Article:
Factor V

  • OMIM: 227400
  • UniProt: P12259
  • MGI: 88382

Proaccelerin (also Proakzelerin or factor V ) is a protein involved in blood clotting. In contrast to the other involved clotting factors, it has no enzymatic function, but only serves as a cofactor. The protein has a molecular mass of 251 671 daltons and belongs to the group of α - globulins. Its plasma concentration is approximately 10 mg / l, the synthesis takes place probably in the liver.


The gene for Proaccelerin is located on the first chromosome ( 1q23 ).


Proaccelerin circulates in plasma, and has a half-life of about 12 hours. It is activated by thrombin in which it in two chains, a "heavy " ( molecular mass 110 kDa) and one "light " ( molecular mass 73 kDa) is cleaved, which are not covalently bonded to each other by calcium.

The activated form of Proaccelerin also Accelerin or factor Va ( factor previously VI) known as a cofactor of the Stuart - Prower factor ( factor X), prothrombin ( Factor II) is converted to thrombin.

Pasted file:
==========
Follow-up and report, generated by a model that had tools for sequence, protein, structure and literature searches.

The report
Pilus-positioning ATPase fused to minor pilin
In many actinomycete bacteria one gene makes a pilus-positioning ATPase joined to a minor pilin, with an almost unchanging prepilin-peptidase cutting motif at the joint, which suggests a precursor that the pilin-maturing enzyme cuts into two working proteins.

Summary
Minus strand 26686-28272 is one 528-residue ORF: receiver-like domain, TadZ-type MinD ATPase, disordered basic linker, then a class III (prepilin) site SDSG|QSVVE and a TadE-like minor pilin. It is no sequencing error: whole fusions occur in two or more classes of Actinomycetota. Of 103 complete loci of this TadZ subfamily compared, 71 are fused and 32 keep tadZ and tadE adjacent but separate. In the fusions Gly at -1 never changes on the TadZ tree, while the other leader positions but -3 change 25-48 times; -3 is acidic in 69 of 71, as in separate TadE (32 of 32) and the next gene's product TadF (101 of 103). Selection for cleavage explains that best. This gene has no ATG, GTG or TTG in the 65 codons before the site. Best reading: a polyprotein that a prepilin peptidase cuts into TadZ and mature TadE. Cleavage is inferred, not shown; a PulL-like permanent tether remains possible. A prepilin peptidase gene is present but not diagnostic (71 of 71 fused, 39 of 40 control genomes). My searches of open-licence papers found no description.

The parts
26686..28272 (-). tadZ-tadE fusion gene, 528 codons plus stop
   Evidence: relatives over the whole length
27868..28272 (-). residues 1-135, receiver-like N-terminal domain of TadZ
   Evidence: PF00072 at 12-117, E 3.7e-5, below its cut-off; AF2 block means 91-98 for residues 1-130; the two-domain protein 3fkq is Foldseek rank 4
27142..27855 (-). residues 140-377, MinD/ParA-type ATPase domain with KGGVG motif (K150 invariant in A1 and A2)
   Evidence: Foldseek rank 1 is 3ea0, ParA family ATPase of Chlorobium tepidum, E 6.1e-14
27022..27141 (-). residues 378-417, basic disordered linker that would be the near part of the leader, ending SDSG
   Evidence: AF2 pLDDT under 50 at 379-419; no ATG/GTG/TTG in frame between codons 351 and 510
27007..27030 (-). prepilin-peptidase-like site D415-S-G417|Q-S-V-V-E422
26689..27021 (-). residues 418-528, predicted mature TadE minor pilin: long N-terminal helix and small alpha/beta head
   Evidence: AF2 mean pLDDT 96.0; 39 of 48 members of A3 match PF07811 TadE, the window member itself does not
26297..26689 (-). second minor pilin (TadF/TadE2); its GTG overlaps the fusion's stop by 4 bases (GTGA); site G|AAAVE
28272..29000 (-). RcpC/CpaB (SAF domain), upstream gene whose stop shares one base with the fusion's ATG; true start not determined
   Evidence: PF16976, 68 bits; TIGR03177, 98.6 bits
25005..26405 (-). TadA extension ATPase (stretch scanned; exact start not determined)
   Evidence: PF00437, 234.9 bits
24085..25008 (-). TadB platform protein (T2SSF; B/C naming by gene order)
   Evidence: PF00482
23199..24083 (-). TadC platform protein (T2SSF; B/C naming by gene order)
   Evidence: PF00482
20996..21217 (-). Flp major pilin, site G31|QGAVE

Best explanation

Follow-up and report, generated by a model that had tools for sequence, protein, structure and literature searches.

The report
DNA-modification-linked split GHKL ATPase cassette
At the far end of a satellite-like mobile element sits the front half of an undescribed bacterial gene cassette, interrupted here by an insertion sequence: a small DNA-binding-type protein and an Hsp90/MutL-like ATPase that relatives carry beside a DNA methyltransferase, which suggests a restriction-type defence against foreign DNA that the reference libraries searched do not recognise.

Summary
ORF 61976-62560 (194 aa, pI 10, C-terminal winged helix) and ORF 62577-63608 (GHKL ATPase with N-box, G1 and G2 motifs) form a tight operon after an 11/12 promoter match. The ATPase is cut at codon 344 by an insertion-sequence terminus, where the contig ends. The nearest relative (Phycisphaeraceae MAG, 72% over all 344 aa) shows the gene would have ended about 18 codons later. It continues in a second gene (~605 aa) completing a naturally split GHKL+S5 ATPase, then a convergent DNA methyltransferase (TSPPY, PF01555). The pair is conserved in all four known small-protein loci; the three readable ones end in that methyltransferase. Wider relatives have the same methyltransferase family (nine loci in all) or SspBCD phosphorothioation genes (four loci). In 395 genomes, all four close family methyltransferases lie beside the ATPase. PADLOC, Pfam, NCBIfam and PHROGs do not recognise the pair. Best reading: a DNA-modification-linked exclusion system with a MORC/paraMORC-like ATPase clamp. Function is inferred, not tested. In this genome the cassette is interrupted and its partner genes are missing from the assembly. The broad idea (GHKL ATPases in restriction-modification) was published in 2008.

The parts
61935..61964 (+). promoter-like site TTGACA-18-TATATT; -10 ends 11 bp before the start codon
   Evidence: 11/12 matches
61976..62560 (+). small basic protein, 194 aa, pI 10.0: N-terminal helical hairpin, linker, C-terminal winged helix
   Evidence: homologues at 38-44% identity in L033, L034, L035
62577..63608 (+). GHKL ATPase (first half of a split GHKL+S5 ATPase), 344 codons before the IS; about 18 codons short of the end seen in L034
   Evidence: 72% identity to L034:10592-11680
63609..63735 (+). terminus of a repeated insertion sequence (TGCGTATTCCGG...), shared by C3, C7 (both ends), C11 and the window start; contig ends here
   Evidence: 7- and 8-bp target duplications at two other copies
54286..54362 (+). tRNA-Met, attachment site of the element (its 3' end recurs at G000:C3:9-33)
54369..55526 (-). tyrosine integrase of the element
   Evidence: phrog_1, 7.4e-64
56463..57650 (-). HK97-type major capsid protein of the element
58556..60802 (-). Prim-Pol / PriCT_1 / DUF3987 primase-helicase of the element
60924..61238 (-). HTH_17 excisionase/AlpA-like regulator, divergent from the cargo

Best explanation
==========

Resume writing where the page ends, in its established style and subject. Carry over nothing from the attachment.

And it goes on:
Proaccelerin is degraded by the activated protein C by proteolysis and thus rendered ineffective. This is one of the most important natural inhibition mechanisms of blood coagulation.


There are several genetic disorders which are based on a malfunction of the Proaccelerin. A Proaccelerinmangel caused a rare mild form of hemophilia, the so-called para hemophilia or Owren 's syndrome. This occurs with an incidence of 1:1,000,000 and is inherited as an autosomal recessive trait.

Other mutations of the Proaccelerins cause venous thrombosis. They are the most common cause of inherited thrombophilia (increased blood clot formation). In the most common, the factor V Leiden mutation, the amino acid arginine at position 506 replaced by glutamine ( R506Q ). All Proaccelerin prothrombotic mutations ( factor V Leiden mutation, factor V Cambridge mutation, factor V Hong Kong mutation) cause a resistance of Accelerins to cleavage by activated protein C (so-called APC resistance ). Therefore, it remains active and increases the formation of thrombi.

History of Research

Proaccelerin was discovered in 1947 by Paul Owren ( 1905-1990 ). The complete amino acid sequence was founded in 1987 by Jenny et al. published.